A tape of a public execution, smuggled into South Korea, is kept off the air.
SEOUL, SOUTH KOREA
On a bleached and scratchy video image smuggled out of Kim Jong Il's closed regime, blindfolded prisoners are tied to white posts on a rocky landscape, shot three times, and dragged away. The rare video footage of summary executions in North Korea - a practice considered routine in the North but never captured on film - was taken by hidden camera March 1 and 2, and smuggled through China to South Korea.
At the time, refugee groups in Seoul were ecstatic. It looked like a human rights slam-dunk: Refugees from the North have long described summary executions - public spectacles where prisoners are shot moments after a death sentence is proclaimed. The shootings are a form of social control via terror, experts say.
Yet in a twist not anticipated by underground groups that carried off the filming, South Korean TV authorities have not let the video be broadcast. The tape has been aired worldwide; Japan recently aired three exhaustive reports.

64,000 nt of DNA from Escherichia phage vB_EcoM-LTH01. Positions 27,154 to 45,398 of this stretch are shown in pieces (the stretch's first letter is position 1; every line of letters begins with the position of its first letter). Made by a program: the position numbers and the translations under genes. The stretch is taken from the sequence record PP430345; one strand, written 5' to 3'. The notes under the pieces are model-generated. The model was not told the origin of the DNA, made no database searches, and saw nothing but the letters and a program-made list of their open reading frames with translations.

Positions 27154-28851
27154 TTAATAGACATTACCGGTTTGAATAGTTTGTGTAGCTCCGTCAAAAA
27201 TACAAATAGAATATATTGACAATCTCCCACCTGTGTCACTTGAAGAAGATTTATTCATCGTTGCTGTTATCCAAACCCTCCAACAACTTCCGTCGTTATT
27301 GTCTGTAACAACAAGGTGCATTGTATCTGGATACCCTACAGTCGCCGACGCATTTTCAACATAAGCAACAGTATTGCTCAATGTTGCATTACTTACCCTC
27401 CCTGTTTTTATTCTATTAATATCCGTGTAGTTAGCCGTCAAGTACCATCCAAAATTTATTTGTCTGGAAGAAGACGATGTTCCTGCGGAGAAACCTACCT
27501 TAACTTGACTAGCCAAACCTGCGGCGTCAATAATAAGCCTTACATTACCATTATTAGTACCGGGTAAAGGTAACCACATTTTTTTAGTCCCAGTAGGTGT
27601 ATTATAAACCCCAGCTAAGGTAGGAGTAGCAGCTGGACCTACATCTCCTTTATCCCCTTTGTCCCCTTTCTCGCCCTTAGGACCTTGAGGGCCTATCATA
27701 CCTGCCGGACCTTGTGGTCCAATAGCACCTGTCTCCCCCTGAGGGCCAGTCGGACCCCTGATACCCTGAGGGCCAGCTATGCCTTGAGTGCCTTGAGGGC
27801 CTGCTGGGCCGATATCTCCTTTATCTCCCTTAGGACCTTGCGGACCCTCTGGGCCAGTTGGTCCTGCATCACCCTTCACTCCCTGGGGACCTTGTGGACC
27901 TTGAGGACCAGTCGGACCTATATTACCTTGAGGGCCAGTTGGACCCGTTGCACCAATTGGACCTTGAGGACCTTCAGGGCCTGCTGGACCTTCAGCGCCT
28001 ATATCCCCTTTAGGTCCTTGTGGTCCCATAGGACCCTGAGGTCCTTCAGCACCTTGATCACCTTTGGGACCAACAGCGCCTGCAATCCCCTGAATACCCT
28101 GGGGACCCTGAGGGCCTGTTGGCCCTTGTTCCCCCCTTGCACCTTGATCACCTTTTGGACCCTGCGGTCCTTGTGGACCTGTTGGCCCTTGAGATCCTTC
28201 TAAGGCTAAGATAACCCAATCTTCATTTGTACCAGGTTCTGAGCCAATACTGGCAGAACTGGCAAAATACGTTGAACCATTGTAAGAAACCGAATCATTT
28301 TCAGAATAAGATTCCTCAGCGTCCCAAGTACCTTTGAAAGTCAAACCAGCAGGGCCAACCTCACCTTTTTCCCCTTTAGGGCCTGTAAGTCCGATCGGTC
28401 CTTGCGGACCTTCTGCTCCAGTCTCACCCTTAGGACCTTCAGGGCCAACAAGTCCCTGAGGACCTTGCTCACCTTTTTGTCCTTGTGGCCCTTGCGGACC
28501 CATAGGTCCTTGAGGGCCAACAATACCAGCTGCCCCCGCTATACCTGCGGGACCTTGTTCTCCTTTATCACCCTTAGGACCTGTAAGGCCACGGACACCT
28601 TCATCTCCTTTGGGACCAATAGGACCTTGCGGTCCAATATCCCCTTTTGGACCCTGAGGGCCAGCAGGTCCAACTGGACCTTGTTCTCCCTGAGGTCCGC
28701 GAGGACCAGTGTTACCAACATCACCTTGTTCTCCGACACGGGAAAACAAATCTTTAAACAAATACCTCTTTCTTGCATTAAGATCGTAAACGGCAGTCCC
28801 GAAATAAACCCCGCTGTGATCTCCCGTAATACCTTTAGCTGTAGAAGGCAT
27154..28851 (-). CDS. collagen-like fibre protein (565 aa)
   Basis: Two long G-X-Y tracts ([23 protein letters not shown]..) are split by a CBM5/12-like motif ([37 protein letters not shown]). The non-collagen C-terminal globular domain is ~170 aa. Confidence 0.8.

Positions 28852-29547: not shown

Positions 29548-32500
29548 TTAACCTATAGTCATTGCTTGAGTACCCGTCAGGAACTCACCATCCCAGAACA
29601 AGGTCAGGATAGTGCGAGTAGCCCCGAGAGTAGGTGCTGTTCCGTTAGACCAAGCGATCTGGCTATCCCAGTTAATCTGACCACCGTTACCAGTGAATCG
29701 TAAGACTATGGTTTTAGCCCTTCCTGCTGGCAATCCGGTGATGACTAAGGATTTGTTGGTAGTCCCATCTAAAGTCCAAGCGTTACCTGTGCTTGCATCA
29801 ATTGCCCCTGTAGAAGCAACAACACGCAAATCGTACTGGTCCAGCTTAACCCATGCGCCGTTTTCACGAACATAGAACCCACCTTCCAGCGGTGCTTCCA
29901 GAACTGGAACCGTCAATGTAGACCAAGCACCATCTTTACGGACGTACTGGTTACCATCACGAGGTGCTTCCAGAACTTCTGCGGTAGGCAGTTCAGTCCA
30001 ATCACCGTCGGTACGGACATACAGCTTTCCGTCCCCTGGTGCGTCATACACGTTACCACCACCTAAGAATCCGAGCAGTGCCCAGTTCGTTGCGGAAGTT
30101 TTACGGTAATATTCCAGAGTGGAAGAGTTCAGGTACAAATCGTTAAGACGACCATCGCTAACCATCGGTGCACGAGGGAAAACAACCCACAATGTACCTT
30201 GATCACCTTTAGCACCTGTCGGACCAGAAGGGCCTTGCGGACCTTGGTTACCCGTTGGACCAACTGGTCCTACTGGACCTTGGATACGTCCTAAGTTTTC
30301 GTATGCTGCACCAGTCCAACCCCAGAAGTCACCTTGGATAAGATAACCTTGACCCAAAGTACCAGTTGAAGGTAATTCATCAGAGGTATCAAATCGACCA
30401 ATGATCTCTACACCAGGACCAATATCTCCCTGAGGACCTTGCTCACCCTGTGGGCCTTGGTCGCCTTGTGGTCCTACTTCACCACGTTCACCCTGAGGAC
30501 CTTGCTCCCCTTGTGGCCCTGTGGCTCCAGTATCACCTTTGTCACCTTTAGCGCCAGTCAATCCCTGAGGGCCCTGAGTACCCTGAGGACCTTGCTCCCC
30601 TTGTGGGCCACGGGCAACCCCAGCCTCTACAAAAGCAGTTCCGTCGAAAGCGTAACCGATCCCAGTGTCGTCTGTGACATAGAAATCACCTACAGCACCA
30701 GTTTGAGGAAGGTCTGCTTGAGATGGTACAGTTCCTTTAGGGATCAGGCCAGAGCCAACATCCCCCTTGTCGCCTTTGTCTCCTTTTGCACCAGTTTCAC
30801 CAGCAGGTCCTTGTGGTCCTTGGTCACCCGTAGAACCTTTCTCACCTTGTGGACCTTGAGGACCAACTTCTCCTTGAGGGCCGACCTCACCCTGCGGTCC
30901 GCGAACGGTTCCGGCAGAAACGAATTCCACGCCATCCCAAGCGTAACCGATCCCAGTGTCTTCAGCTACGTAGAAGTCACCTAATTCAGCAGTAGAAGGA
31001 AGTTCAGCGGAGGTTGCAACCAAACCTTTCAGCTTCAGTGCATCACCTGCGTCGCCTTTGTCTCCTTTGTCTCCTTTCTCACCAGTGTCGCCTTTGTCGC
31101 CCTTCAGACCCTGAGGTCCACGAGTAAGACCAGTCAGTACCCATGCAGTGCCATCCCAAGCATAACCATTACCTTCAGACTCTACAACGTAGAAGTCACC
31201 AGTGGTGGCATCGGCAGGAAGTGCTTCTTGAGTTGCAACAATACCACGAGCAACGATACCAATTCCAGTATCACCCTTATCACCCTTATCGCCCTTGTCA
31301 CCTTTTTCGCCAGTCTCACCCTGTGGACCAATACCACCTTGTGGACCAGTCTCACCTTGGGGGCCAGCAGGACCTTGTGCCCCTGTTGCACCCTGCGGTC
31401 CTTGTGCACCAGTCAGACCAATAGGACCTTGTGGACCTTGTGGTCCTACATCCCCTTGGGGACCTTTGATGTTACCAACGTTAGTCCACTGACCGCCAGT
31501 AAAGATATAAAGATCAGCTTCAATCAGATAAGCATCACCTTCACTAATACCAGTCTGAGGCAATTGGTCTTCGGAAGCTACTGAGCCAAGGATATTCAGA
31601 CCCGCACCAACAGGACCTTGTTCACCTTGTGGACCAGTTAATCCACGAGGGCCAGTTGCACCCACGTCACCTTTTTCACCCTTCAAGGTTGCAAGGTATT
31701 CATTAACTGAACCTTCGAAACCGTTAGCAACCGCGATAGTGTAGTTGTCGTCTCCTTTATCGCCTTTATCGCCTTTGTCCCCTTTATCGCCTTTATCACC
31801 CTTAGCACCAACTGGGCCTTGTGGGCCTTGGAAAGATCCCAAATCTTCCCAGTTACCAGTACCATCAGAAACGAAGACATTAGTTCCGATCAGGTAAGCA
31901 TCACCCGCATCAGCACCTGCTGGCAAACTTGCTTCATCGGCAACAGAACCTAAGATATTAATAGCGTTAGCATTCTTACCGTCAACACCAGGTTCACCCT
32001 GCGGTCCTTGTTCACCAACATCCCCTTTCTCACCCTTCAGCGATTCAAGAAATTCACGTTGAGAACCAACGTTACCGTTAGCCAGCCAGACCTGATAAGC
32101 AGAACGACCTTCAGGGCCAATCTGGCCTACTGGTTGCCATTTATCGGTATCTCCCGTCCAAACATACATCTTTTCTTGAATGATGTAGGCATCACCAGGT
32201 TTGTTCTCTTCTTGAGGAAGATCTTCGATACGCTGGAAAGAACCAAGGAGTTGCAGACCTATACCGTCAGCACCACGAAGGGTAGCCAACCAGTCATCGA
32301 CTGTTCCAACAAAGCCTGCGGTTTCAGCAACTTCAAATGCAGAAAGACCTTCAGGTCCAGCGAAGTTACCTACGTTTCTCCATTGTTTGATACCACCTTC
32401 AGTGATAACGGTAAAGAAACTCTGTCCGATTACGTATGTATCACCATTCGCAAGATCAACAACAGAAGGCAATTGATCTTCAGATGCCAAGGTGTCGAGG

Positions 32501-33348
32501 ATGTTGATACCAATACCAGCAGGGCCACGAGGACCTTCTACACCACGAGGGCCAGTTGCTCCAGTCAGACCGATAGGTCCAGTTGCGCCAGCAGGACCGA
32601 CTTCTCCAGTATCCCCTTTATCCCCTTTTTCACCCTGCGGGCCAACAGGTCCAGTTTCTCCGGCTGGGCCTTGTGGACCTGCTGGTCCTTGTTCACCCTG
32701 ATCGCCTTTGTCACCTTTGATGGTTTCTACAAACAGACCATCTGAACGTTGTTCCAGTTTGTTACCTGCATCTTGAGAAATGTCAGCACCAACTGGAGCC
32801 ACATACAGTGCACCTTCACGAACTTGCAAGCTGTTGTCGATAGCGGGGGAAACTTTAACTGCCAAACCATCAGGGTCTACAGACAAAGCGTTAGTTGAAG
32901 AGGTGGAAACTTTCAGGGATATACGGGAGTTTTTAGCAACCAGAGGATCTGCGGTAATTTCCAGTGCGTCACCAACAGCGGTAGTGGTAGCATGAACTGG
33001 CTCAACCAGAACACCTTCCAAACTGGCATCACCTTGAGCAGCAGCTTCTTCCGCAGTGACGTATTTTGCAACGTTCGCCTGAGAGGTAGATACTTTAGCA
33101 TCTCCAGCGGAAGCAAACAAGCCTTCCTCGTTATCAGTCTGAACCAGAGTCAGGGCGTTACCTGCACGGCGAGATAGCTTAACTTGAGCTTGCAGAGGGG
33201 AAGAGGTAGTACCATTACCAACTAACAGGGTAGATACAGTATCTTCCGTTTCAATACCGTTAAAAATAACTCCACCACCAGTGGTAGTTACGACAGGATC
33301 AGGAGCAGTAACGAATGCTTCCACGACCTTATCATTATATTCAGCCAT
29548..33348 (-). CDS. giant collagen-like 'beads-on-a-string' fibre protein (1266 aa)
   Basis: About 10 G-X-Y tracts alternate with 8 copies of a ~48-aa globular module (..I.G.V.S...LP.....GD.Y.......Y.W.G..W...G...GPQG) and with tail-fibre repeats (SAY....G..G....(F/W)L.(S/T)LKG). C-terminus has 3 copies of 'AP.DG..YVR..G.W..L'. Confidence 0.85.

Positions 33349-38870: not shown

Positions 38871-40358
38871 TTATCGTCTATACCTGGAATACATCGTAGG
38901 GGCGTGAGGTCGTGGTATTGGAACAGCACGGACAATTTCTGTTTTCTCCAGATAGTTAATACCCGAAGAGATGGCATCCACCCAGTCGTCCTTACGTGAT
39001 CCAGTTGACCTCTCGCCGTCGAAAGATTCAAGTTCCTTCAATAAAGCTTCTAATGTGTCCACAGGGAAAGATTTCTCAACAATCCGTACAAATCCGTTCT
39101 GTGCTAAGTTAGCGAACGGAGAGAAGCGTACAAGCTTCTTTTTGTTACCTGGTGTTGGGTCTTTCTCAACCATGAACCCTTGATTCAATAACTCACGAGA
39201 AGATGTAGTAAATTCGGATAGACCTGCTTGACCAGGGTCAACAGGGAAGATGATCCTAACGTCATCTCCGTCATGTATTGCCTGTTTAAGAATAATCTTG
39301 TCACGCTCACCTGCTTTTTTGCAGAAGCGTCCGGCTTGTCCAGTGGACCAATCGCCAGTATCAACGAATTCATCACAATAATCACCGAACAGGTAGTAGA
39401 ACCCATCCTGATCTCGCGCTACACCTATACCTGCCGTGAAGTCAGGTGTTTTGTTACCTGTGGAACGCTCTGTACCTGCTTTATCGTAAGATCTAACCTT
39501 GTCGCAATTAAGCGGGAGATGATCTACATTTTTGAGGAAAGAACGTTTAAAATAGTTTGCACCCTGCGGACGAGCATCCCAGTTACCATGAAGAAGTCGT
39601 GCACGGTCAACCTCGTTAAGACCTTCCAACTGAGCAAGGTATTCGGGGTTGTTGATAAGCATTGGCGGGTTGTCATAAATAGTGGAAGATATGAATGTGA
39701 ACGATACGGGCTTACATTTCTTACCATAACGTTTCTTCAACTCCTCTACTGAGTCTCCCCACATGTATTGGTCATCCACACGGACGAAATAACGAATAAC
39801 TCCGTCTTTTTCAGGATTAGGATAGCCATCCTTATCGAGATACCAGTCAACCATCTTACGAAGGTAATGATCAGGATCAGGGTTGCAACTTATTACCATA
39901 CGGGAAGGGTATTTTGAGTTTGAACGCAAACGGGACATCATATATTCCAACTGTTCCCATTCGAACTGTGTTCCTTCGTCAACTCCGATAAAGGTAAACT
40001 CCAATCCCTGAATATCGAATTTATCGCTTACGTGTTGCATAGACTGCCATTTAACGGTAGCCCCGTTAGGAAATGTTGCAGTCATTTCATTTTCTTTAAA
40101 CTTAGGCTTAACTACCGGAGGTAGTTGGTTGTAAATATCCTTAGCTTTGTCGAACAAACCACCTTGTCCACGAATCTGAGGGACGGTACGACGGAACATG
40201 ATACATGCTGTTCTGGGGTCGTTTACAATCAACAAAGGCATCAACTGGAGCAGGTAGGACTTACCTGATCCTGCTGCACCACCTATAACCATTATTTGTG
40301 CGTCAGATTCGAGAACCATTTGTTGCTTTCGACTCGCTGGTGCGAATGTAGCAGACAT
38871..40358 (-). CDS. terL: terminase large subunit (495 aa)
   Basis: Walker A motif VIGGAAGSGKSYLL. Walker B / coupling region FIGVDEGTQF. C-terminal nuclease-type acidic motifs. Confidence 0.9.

But due to intense though indirect pressure by Seoul officials, the North Korean execution tapes, purportedly of "middlemen" who help refugees escape to China, are not yet available for viewing by Koreans in the South. The indirect censure adds to frustration among those documenting the gulags and torture in the North. They charge indifference in the South to evidence of manifold suffering by ethnic siblings across the demilitarized zone.
It also raises anew questions about a five-year policy in Seoul of studiously avoiding acts that might upset Pyongyang, for fear of harming fragile North-South relations. South Korea's ambivalence about a get-tough policy with North Korea may also factor into the mechanics of the six-party talks over the North's recently declared nuclear program.
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